In the month since the Aug. 27 shooting, police have not arrested suspects or named the officers involved, prompting outcry from civil rights leaders and community members who accused authorities of slowing the investigation of the shooting that killed a young Black girl.
On Monday, the prosecutor handling the case announced that his office had determined with “near certainty” that police fired the shots that killed Fanta and wounded the others, raising the possibility that the officers could face charges.
Delaware County District Attorney Jack Stollsteimer (D) said investigators were reviewing whether the officers, who have been placed on administrative duties, broke the law by using deadly force. He is also petitioning for a grand jury to consider evidence presented by his office, a tool prosecutors often turn to when witnesses are not cooperating.
Stollsteimer said he met with the girl’s family members Monday to update them on the progress. He cautioned that the grand jury, once impaneled, could take weeks or more to complete its work.
“I understand the community’s desire for closure,” Stollsteimer said in a statement, “but ask instead for continued patience as we work to provide justice and accountability for all the victims of this tragedy.”
The Sharon Hill Police Department didn’t respond to a request for comment Tuesday.
The shooting in the majority-Black, working-class Philadelphia suburb rekindled anger over policing that racial justice advocates say is all too common in communities of color nationwide.
After weeks with few updates from investigators, members of the Delaware County Black Caucus nonprofit organization gathered at the shooting site this month to demand answers.
“We have to be able to justify why a police officer, or anyone else, shot into a crowd of Black and brown children,” said NAACP Darby-area President Sheila Carter, a former police officer, according to the Philadelphia Inquirer. “We need to know why this happened in our community.”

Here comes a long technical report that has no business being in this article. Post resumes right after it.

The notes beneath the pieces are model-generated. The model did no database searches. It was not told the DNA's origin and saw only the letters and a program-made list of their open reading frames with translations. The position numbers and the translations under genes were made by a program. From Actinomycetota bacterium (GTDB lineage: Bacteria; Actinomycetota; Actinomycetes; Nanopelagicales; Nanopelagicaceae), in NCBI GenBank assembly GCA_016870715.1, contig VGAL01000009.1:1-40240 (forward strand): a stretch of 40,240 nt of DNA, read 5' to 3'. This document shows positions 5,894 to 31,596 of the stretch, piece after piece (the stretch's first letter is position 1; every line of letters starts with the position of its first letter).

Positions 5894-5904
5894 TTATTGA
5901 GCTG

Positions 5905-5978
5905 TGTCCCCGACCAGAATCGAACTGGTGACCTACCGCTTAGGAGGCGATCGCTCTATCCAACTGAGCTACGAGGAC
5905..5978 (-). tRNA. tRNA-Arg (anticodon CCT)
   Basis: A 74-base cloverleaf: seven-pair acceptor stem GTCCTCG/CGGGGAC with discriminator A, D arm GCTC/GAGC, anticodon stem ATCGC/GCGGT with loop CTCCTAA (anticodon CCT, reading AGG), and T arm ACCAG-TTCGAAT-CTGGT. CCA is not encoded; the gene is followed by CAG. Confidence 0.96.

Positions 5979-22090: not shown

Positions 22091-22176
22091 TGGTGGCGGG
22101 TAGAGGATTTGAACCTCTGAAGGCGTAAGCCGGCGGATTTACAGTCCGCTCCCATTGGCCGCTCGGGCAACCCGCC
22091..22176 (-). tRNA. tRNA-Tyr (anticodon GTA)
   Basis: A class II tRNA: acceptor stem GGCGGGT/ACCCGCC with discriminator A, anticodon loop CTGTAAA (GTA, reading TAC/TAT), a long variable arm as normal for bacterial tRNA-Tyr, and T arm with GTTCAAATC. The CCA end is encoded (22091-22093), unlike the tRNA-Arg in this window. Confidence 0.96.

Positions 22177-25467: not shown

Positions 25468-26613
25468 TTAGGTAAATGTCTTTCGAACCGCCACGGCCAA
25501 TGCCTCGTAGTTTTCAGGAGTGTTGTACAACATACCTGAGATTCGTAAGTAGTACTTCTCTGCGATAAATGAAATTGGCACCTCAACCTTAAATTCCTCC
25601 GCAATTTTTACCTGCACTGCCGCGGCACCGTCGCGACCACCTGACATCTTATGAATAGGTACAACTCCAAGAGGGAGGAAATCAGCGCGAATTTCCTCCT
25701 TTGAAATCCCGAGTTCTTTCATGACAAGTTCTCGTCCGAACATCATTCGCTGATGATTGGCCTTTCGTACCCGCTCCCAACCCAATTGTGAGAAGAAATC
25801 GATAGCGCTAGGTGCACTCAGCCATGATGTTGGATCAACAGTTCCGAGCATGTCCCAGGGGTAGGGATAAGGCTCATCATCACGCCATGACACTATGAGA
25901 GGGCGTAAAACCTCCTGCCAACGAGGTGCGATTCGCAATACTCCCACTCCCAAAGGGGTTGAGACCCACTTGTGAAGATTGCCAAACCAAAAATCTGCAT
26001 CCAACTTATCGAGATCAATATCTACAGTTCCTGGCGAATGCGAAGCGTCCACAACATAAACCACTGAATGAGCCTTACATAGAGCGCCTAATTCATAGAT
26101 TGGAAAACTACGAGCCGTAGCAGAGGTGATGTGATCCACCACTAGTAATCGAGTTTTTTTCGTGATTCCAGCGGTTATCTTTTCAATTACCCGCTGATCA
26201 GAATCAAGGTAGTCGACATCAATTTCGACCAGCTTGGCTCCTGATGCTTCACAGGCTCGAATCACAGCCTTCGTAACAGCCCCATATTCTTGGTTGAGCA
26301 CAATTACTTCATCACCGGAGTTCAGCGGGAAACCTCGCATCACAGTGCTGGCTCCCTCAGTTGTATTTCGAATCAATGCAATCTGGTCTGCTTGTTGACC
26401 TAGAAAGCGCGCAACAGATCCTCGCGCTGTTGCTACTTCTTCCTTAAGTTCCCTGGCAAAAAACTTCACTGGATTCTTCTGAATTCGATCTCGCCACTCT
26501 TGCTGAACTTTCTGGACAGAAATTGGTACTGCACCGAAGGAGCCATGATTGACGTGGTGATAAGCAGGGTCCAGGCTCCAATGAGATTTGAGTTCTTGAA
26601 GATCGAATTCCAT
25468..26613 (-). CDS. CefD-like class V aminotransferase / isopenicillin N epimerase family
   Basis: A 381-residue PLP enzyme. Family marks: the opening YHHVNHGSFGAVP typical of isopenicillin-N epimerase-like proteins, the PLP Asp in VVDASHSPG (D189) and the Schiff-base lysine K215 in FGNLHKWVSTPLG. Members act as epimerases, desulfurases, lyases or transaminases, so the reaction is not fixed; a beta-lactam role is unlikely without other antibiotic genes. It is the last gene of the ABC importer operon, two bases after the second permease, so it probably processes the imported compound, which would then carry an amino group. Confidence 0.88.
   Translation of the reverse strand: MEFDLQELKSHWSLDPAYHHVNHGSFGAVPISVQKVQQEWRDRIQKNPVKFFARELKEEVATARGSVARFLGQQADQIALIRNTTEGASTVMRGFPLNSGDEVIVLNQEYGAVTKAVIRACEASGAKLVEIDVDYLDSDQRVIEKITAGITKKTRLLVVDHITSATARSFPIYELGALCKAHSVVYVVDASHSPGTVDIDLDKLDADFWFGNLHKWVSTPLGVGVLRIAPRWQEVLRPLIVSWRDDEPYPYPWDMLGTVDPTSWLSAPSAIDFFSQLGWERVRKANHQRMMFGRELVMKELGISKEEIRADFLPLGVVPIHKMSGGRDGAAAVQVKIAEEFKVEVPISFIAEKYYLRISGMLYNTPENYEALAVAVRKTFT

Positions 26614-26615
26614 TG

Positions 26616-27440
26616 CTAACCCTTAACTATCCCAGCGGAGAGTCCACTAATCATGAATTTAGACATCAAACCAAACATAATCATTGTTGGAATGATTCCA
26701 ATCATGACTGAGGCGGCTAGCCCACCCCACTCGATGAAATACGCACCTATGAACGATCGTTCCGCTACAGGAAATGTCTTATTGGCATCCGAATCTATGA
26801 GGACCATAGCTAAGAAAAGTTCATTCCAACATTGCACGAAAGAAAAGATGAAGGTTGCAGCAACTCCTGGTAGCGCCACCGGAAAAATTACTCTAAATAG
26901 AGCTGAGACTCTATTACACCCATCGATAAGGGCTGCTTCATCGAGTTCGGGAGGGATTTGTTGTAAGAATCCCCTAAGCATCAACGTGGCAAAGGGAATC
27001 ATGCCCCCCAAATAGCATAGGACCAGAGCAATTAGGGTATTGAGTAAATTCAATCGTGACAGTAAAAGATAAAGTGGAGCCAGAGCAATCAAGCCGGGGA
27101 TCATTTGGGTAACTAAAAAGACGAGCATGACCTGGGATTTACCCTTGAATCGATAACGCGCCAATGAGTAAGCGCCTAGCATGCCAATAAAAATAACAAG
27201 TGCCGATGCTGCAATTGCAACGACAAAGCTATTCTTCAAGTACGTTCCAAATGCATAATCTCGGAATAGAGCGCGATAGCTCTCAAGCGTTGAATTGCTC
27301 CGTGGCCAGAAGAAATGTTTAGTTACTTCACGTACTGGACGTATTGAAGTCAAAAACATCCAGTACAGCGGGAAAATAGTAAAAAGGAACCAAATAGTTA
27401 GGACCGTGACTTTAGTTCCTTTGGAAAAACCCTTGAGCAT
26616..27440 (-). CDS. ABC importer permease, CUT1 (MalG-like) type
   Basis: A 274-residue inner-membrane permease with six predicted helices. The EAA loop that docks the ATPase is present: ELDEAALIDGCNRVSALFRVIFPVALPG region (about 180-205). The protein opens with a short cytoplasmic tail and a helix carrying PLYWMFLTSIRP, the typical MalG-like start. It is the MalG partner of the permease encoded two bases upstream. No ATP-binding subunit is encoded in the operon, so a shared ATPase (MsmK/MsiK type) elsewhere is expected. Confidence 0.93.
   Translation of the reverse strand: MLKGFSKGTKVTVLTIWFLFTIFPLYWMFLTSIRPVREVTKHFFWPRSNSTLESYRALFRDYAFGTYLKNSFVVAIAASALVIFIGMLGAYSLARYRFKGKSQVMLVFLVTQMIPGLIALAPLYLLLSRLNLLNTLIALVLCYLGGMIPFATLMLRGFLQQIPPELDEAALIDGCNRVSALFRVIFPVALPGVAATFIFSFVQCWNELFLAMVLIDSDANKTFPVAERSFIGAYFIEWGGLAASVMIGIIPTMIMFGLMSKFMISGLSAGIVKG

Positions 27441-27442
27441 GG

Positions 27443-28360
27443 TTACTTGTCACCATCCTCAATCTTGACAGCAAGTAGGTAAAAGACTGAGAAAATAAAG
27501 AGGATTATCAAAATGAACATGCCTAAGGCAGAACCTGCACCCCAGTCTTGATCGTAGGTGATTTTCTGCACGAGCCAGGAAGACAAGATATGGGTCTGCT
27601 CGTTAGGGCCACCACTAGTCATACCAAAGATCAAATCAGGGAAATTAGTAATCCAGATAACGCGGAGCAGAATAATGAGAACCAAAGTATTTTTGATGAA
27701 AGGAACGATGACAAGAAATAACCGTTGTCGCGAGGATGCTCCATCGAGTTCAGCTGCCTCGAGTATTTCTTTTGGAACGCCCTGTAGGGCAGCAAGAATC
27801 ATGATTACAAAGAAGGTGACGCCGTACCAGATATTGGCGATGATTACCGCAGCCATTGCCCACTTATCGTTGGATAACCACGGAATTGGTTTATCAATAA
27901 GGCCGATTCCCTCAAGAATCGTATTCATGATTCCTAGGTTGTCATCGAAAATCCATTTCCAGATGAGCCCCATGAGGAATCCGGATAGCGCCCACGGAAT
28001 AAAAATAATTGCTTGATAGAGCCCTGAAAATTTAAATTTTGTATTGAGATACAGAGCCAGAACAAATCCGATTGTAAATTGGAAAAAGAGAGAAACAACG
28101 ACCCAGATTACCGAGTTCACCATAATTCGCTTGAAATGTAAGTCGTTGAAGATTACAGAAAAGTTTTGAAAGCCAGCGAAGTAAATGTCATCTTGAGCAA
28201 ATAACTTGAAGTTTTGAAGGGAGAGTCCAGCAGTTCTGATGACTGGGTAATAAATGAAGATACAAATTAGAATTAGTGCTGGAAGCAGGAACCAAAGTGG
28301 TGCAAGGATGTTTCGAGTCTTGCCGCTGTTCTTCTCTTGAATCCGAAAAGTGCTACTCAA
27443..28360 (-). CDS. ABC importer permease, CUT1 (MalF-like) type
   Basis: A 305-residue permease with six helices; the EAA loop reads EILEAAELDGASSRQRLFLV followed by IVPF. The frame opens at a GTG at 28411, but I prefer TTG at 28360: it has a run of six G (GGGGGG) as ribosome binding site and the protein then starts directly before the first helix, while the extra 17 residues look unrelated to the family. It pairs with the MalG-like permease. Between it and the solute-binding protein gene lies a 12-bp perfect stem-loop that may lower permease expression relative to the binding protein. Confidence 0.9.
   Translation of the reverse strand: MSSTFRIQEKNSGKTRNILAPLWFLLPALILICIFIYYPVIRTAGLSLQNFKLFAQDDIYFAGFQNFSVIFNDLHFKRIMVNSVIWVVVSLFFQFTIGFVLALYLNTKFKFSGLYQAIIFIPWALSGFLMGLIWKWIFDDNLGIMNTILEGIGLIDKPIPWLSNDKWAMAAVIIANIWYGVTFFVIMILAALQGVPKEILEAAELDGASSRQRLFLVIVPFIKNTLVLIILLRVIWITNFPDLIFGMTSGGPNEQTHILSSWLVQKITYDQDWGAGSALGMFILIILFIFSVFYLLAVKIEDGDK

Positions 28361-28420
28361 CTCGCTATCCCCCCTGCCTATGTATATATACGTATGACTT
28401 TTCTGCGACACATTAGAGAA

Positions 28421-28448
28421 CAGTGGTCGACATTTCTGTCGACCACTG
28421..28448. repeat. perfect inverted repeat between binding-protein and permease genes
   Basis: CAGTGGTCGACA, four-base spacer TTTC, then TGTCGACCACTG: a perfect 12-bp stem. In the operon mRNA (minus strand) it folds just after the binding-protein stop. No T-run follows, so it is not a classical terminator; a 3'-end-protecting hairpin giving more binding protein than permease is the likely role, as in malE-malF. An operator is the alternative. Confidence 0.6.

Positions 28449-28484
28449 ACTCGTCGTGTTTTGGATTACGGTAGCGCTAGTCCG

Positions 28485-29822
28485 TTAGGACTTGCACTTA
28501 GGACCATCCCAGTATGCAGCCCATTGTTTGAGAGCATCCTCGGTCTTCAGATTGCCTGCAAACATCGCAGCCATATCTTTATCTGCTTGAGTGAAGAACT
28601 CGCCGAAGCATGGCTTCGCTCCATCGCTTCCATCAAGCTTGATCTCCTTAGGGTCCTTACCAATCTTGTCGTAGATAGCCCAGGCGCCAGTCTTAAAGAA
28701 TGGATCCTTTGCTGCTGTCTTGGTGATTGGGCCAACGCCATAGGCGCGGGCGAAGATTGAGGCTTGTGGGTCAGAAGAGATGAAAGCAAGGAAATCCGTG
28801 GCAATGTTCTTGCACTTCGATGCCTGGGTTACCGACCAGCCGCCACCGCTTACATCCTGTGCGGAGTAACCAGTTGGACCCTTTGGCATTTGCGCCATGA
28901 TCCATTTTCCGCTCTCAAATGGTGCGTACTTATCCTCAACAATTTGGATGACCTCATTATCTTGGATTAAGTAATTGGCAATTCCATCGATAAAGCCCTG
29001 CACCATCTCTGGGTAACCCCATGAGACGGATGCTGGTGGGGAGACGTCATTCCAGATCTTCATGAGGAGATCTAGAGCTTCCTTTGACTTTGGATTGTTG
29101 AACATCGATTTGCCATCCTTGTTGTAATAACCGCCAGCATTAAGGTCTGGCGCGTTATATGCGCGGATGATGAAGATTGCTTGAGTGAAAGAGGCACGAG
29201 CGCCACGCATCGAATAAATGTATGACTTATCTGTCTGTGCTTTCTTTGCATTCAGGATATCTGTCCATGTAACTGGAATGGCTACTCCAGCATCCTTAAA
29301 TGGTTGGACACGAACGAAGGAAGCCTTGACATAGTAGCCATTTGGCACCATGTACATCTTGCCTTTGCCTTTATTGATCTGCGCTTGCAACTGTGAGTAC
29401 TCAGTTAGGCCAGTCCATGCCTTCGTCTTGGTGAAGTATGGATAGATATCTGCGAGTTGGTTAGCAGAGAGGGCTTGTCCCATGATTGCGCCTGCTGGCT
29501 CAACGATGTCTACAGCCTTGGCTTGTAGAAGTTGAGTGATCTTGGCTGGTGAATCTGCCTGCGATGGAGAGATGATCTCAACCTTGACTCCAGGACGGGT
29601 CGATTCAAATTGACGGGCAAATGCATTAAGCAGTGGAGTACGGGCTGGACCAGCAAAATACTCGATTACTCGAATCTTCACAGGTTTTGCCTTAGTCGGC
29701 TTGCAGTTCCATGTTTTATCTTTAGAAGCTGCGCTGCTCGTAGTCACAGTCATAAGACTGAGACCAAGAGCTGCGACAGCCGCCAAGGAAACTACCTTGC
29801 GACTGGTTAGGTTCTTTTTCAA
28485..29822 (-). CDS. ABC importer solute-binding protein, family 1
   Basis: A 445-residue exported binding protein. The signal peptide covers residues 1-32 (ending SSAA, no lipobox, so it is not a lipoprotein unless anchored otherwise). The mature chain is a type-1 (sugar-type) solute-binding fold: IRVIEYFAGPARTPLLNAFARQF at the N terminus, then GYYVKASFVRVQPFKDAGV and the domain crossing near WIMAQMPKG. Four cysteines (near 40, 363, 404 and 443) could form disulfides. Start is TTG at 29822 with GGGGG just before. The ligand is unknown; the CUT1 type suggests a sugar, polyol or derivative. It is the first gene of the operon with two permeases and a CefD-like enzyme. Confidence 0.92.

Bruce Castor, an attorney for Fanta’s family, said relatives were left in the dark as the investigation progressed. The district attorney’s announcement Monday helped alleviate some of their concerns, he told The Washington Post.
“They left the courthouse feeling the district attorney is doing all that he can do,” Castor said.
In his announcement, Stollsteimer said the shooting at Academy Park High School started with a “verbal confrontation” among a group of young males about a block from the main entrance to the football field. As the gunfire rang out in the street, a car rounded the corner and passed in front of the officers assembled nearby.
“The gunfire, combined with the movement of the vehicle, precipitated responsive gunfire from the Sharon Hill police officers,” he said.
Investigators recovered .45 caliber and 9-millimeter shell casings from the scene. More detailed forensic reports are forthcoming, Stollsteimer said.
In addition to representing Fanta’s family, Castor is working with the family of a teen boy who was injured in the shooting, as well as the passenger of the car that drove by as officers opened fire. He said the passenger and the driver were cut by glass that shattered when bullets pierced the window. He said the district attorney told him about 25 shots were fired.
“Some of those bullets passed through and missed the car and struck the spectators,” said Castor, a former longtime prosecutor in Pennsylvania. “It really is a miracle” that nobody else was killed.
Investigators have identified suspects and others involved in the incident, according to the district attorney. “It is our expectation that further investigation will lead to the arrest of the individuals involved,” Stollsteimer said.
The district attorney also noted that Sharon Hill brought in an outside attorney and former prosecutor, Kelley B. Hodge of the Fox Rothschild law firm, to review the Sharon Hill Police Department policies and procedures related to deadly force.
Castor said the family was unsatisfied with the response from Sharon Hill officials.
“Their feelings toward Sharon Hill and police and government there are sour,” he said. “They don’t believe Sharon Hill has kept the community informed or them informed of what efforts they’re making to improve their procedures and policies other than hiring the person we suggested they hire.”
If investigators find definitively that police fatally shot Fanta, the girl would become the 12th person under the age of 18 to die in a police shooting this year, according to tracking by The Post. Officers have shot and killed 11 minors in 2021, The Post’s database shows. The youngest was 13.